Photoshop for Beginners with Claudia Daniels

Instructor: Claudia Daniels
This intermediate 3-hour workshop will talk about:
• Raw Processing
• Getting to know the toolbar
• The Power of Cropping
• Basic Layers
• Learning Curves & Levels
• Blending Modes
• Retouching Techniques
• File Management
Who should take this class?
This class is designed for people with none or limited knowledge of Adobe Photoshop
CC who would like to use the software to improve or enhance their artistic images.
Must have Photoshop CC (free trial can be downloaded prior to attending the workshop)
No other Photoshop knowledge is required
Bring your laptop
Bring 3 images of your choice either RAW or JPG (on your computer or card, card reader will be available for download)
Handouts will be provided

The Case for Bridge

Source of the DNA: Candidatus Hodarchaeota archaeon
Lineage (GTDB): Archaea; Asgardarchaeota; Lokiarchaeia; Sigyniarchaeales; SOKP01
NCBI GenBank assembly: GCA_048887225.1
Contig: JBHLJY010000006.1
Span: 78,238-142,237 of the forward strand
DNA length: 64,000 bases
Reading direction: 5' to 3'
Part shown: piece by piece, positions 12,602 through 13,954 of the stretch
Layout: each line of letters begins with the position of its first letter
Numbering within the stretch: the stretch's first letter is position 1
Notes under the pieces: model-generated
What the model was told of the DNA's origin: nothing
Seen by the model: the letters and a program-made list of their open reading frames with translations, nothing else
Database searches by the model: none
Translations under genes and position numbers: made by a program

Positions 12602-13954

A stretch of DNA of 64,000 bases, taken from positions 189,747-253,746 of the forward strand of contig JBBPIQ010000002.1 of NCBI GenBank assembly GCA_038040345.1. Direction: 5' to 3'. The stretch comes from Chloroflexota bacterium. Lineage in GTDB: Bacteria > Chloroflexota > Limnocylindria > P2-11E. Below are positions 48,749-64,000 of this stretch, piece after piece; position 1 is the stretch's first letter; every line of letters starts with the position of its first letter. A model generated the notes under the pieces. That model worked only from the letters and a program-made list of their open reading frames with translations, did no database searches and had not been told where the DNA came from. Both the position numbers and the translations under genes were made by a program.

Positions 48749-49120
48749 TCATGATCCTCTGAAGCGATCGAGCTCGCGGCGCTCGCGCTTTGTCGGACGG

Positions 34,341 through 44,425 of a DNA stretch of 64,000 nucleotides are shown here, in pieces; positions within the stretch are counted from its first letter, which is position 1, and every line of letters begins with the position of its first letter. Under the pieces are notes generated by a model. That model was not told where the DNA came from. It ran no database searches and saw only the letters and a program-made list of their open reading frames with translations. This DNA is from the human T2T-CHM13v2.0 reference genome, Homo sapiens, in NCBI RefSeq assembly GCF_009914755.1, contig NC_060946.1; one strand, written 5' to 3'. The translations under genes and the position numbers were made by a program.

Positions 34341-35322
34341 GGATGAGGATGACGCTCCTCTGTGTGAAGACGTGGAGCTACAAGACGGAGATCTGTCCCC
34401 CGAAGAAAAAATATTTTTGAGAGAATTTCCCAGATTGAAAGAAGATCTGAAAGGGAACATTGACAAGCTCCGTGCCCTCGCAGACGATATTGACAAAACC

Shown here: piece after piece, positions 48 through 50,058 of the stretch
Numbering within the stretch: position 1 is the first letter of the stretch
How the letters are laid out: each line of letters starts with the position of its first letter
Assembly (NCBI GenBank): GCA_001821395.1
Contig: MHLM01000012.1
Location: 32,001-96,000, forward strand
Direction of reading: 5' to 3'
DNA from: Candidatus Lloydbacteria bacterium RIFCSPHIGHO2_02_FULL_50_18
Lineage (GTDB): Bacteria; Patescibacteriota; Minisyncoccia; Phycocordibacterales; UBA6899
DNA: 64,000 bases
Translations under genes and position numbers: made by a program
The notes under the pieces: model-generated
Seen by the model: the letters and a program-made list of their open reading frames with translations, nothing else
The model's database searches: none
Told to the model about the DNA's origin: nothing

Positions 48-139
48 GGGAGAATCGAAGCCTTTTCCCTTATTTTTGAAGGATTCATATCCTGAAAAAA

Bridge Grid View is one of several user-selected layouts for viewing images. The Grid is modeled on a traditional lightbox.

Story and photos © Jerry Ginsberg

A little history

Once upon a time, a lot of photographers did very well with film photography. 35mm slides, the old reliable, did a more than adequate job for us and the great majority of book and magazine publishers. We sent out a couple of vinyl pages of 20 mounted 2×2” slides and usually scored a hit.

Then came the digital revolution. And make no mistake; this has been a true technological revolution. Kodak and Nikon may initially have been on the cutting edge of the seismic shift as it pertains to photography, but such subsequent changes as smartphones, social media and cloud computing are all facets of the very same upheaval.

Around 1990, a group of very bright people created Photoshop. Overcoming a few less robust competitors, Photoshop quickly became the standard for processing digitally captured and scanned images in the new world of the digital darkroom.

Adobe’s ancillary program Bridge was born soon after. After several years and great advances in the feature sets, depth and breadth of these software tools, some streamlining seemed to fit a market niche. Enter Lightroom.

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